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dc.contributor.authorKieswetter, Charles M.en_US
dc.date.accessioned2018-10-25T12:51:20Z
dc.date.issued2012
dc.date.submitted2012
dc.identifier.otherb38909509
dc.identifier.urihttps://hdl.handle.net/2144/31578
dc.descriptionThesis (Ph.D.)--Boston Universityen_US
dc.descriptionPLEASE NOTE: Boston University Libraries did not receive an Authorization To Manage form for this thesis or dissertation. It is therefore not openly accessible, though it may be available by request. If you are the author or principal advisor of this work and would like to request open access for it, please contact us at open-help@bu.edu. Thank you.en_US
dc.description.abstractNeotropical montane forests of the Ecuadorian Andes harbor a disproportionate amount of global biodiversity, yet the ecological and evolutionary processes that generate and sustain this diversity are poorly known. Determining the relative roles of historical vicariance, natural selection and genetic drift in generating diversity are active areas of investigation, but no clear pattern has emerged. My research focuses on a direct developing cloud forest frog ( Pristimantis w-nigrum ) found along the Eastern and Western versants of the Ecuadorian Andes. By integrating morphological data, multi-locus sequence data and geographic and environmental data, I demonstrate that: (1) Pristimantis w-nigrum harbors substantial genetic diversity, despite morphological stasis, and may comprise a species complex; (2) Genetic differentiation of mitochondrial DNA identifies eight divergent lineages and highly structured populations along both eastern and western slopes of the Ecuadorian Andes; (3) Multiple nuclear markers show lesser but still substantial population structure; (4) Isolation by distance best explains the pattern of genetic variation, but temperature and precipitation also contribute to genetic and morphological variation; (5) The timing of genetic divergence among mtDNA lineages coincides with sequential paleogeological bouts of Andean orogenesis during the late Miocene and early Pliocene, with terminal lineages diverging during the Pleistocene; (6) Populations have experienced little or no gene flow. (7) Those on the Western slope have maintained large effective population sizes, while populations on the Eastern slope appear to have suffered severe bottlenecks. Taken together, these results suggest a long sequential history of vicariance following the orogeny of the Northern Andes and that allopatric speciation may be a common mode of divergence in montane ectothermic vertebrates with low vagility. In addition, estimation of the species phylogeny and historical and contemporary demographic parameters using multiple loci highlight the utility of a multi-locus approach, particularly in cases where diversification may have occurred relatively recently. The identification of cryptic diversity in the P. w-nigrum suggests that evolutionary processes of isolation and divergence are occurring in the Andes and that the Andes may be an important generator of new species as well as a repository of high biodiversity.en_US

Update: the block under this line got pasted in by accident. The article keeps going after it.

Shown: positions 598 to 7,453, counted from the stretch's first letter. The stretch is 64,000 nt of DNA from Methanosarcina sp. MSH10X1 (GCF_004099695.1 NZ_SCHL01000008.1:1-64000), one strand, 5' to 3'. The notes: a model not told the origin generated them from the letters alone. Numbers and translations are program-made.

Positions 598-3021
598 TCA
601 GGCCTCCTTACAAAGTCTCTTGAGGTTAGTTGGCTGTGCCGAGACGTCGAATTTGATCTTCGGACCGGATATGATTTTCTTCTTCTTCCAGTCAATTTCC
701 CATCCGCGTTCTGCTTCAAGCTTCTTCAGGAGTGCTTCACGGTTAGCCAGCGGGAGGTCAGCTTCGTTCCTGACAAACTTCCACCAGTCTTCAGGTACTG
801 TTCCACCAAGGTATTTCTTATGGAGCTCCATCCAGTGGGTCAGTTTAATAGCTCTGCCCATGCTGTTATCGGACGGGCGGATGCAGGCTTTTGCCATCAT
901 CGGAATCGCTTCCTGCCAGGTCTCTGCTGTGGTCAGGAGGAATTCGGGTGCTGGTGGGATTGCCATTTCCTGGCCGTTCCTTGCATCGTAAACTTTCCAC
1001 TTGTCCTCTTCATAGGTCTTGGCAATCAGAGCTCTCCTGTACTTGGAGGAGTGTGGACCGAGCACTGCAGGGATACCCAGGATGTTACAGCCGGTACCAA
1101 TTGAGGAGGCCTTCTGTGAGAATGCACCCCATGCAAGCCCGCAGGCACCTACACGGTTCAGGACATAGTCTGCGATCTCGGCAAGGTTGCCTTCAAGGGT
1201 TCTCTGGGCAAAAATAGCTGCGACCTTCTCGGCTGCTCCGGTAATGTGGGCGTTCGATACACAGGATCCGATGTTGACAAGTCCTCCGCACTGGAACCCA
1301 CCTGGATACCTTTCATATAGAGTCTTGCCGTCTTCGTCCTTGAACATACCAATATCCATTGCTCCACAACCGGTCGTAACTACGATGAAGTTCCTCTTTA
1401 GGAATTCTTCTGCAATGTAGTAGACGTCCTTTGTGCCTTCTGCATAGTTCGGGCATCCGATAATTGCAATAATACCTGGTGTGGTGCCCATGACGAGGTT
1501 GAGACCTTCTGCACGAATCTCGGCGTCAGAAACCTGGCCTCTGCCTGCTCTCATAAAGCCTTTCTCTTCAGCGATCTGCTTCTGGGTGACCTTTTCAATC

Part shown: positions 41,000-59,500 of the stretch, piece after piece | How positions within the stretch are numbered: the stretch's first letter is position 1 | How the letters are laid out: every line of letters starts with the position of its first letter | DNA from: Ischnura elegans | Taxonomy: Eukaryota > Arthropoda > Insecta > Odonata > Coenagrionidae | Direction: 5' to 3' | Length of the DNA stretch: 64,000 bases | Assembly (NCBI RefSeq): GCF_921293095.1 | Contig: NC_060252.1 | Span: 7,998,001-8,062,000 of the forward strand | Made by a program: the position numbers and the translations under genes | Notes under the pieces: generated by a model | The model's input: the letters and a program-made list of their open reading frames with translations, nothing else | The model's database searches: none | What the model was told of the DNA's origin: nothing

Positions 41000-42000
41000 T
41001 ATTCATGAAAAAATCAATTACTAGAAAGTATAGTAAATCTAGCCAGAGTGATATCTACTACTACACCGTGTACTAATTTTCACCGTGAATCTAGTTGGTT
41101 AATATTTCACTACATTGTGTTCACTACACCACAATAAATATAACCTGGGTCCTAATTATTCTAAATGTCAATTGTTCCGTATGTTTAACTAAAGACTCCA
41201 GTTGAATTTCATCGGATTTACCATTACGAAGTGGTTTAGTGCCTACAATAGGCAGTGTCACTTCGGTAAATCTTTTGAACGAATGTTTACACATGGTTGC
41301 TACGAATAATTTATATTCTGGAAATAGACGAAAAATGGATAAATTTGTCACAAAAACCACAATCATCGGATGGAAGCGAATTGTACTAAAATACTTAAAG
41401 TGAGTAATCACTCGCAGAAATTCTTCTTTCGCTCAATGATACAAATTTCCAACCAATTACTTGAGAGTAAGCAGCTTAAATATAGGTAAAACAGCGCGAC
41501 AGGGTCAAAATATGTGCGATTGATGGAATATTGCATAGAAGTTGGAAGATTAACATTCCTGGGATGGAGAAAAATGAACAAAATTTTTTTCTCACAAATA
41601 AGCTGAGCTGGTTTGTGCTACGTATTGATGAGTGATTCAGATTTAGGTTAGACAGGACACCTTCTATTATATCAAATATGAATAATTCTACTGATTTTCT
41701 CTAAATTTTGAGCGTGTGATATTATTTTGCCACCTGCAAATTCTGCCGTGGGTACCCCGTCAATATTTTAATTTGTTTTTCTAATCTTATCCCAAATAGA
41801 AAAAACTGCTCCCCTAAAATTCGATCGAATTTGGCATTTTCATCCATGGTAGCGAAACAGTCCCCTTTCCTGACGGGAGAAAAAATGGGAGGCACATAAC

dc.language.isoen_US
dc.publisherBoston Universityen_US
dc.subjectPristimantis w-nigrumen_US
dc.titleCryptic diversity, landscape genetics and diversification in the Pristimantis w-nigram species complexen_US
dc.typeThesis/Dissertationen_US
dc.description.embargo2031-01-01
etd.degree.nameDoctor of Philosophyen_US
etd.degree.leveldoctoralen_US
etd.degree.disciplineBiologyen_US
etd.degree.grantorBoston Universityen_US
dc.identifier.barcode11719032086946
dc.identifier.mmsid99196015060001161


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